In the United States, the Centers for Disease Control and Prevention (CDC)1 reports that 1 out of every 5 adults has a disability. The most common disability is a mobility limitation, which can cause a person to have difficulty climbing stairs or walking. Even more alarming is the fact that the CDC reports nearly 40 million Americans struggle with a physical functioning difficulty.2 In addition to mobility challenges, many Americans suffer from visual and auditory impairments. Spinal cord injuries and traumatic brain injury (TBI) are common as well.
Individuals who suffer from physical disabilities may be at a higher risk of alcohol and drug abuse. The National Rehabilitation Information Center (NARIC) reports that around half of those who suffer from disabilities may also abuse substances. This is in comparison to about 10% of the general population. Disabled World reports that people who struggle with mobility disabilities like spinal cord injuries, amputations, vision impairment, orthopedic disability, deafness, arthritis, or multiple sclerosis (MS), may be between 2 and 4 times more likely to abuse drugs or be heavy alcohol drinkers.3
A genetic history of addiction can also trigger problematic drug and alcohol abuse. Emotional trauma, high-stress levels, and environmental factors all play a role in the onset of addiction.4 Physical disabilities may present additional risk factors for drug and alcohol abuse.5 These include the following:
- Enabling by family or society: Loved ones may allow the person to “have their vices” as a result of their disability and to remain dependent on substances.
- Inadequate treatment: Individuals who suffer from physical disabilities may not receive the proper emotional and physical support necessary to learn healthy coping skills.
- Improper preventative services: Individuals may not be fully educated regarding the dangers of misusing medications, drug, and/or alcohol use and abuse.
- Self-medication: Individuals may self-medicate untreated pain, mental or physical discomfort, emotional distress, or health issues. They may use substances to escape reality or as stress relief.
Drug and alcohol abuse can complicate treatment for a physical disability by interfering with medications and also with rehabilitation, therapy, and counseling sessions.6 The reverse is also true. A physical disability may disrupt and complicate addiction treatment and recovery. Therefore, addiction treatment for individuals who also have a physical disability should be comprehensive and needs to include specialized services that attend to both the physical and emotional needs of the co-occurring disorders.
Overcoming Potential Treatment Barriers
There are numerous possible barriers for everyone to overcome when it comes to addiction treatment. These can range from a person not “feeling like they need help” or a person being in denial about the extent of their addiction.
For people who also have physical disabilities, there are several additional treatment barriers. These can include accessibility issues and social stigma surrounding the addition. The current rehab culture is often insensitive to those who have both physical limitations and addiction issues, which then results in a lack of necessary programs, educational information, and properly trained staff members.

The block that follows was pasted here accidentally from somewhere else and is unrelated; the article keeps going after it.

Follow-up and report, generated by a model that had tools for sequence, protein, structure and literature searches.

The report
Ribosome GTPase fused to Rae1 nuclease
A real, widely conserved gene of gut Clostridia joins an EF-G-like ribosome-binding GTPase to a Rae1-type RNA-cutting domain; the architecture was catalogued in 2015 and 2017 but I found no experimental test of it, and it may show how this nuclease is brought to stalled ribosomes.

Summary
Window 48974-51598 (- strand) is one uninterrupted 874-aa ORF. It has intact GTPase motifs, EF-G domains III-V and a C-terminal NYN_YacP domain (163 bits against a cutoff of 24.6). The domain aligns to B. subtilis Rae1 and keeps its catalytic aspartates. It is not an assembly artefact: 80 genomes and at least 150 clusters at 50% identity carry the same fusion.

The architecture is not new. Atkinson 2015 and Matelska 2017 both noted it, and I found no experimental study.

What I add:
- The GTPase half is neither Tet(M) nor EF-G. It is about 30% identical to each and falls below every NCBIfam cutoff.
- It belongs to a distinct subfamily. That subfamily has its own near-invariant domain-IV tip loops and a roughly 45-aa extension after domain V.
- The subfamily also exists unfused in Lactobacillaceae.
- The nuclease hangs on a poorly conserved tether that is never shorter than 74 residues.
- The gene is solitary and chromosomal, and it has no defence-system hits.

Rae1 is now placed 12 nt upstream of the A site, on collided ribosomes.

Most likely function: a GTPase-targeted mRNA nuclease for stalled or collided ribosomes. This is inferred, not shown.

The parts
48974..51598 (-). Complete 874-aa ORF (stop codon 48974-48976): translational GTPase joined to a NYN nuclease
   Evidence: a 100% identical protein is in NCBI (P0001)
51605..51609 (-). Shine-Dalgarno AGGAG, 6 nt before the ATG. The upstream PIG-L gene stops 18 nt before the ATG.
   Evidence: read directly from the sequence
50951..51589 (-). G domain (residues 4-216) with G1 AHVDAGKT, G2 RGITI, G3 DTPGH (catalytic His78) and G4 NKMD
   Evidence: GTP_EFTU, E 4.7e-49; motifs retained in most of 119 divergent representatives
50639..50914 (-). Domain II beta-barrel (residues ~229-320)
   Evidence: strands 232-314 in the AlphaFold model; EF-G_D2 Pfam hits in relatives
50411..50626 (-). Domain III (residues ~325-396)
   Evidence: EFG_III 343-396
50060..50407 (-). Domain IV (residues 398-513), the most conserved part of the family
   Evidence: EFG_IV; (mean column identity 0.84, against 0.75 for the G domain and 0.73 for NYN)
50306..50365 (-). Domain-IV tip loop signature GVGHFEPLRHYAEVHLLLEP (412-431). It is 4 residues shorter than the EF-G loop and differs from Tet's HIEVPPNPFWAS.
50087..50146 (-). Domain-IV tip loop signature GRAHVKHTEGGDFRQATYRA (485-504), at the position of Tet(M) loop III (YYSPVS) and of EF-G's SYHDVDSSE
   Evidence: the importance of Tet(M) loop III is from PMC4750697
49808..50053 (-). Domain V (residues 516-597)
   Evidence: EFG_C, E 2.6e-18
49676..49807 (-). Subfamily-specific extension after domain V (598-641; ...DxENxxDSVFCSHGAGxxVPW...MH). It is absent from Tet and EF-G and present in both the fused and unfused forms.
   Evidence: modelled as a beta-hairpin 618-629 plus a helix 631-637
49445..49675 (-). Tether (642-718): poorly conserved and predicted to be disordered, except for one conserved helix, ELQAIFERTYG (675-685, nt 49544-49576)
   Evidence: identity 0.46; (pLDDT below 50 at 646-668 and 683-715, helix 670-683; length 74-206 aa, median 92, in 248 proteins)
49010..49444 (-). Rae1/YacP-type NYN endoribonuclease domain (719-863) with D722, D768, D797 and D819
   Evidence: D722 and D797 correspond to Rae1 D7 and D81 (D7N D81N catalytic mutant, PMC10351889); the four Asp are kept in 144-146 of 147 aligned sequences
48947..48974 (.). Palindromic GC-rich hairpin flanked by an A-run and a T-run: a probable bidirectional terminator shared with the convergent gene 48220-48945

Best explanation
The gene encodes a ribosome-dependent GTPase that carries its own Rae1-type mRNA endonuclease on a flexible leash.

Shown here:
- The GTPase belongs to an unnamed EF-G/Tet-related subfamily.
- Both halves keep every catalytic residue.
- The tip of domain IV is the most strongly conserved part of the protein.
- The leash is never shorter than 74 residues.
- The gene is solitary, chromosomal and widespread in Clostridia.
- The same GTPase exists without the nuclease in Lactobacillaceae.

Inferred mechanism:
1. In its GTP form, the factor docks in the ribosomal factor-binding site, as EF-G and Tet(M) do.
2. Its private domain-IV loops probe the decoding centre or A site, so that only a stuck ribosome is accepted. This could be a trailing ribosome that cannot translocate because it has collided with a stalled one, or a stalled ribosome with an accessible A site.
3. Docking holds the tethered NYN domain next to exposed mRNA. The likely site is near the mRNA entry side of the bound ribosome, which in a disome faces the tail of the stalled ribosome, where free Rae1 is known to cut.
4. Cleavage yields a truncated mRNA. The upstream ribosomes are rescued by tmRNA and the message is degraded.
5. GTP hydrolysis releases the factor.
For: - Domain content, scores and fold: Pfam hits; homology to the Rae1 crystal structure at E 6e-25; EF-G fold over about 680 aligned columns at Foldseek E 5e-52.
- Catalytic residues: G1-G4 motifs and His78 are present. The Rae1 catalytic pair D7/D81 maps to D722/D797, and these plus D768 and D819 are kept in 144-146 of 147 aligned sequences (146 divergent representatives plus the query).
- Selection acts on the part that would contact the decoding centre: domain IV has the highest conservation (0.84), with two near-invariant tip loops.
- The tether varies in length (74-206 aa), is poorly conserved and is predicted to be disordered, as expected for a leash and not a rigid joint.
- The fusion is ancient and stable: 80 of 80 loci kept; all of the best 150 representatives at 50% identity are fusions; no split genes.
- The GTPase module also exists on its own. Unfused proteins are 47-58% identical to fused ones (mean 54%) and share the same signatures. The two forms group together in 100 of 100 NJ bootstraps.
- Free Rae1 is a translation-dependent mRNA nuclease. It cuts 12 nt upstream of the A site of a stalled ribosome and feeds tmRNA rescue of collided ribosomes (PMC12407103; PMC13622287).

For example, individuals who use wheelchairs require mobility-specific accommodations like ramps and elevators to physically move around a treatment center. However, some treatment centers are not equipped to allow this movement to occur. Even more challenging is the need for hallways and doors to be wide enough to accommodate a wheelchair.
Floors inside treatment centers have to be even and not slick. For those who are sight-impaired, Braille signs and other sensory navigational features will need to be prominently displayed all over the treatment center. For those who have hearing-related disabilities, an interpreter and TTY options on the phone are mandatory to ensure they receive the kind of care and attention they deserve.
According to the American Association on Health and Disability (AAHD), physical accessibility negatively impacts treatment for individuals with disabilities on a routine basis.7 A random survey showed that around half of those with traumatic brain injury (TBI) or spinal cord injury who were seeking addiction treatment were turned away from treatment facilities and declined services due to a lack of physical accessibility. This means that for those who have both physical limitations and addiction challenges, finding a physically accessible treatment center is crucial.
Lack of cultural sensitivity and social stigma can make it difficult for individuals with disabilities to receive proper addiction treatment.8 That means that now more than ever, the presence of staff members and medical providers who are specially trained to care for individuals with co-occurring issues is important.
Support groups and group therapy sessions can be highly beneficial in dispelling social isolation and helping to provide a healing environment for both those who suffer from addiction and their loved ones. However, even in the support group setting, attention needs to be paid to the specific set of disabilities a person might have. For example, sight-based programs like videos and training booklets will need to be altered for groups who are vision-impaired, for example, and sign language interpreters are required for hearing-impaired sessions.
The Substance Abuse and Mental Health Services Administration (SAMHSA) reports that in 2009, there were only 5 inpatient and 4 outpatient programs that provided specific treatment services for individuals who were deaf and battling addiction.9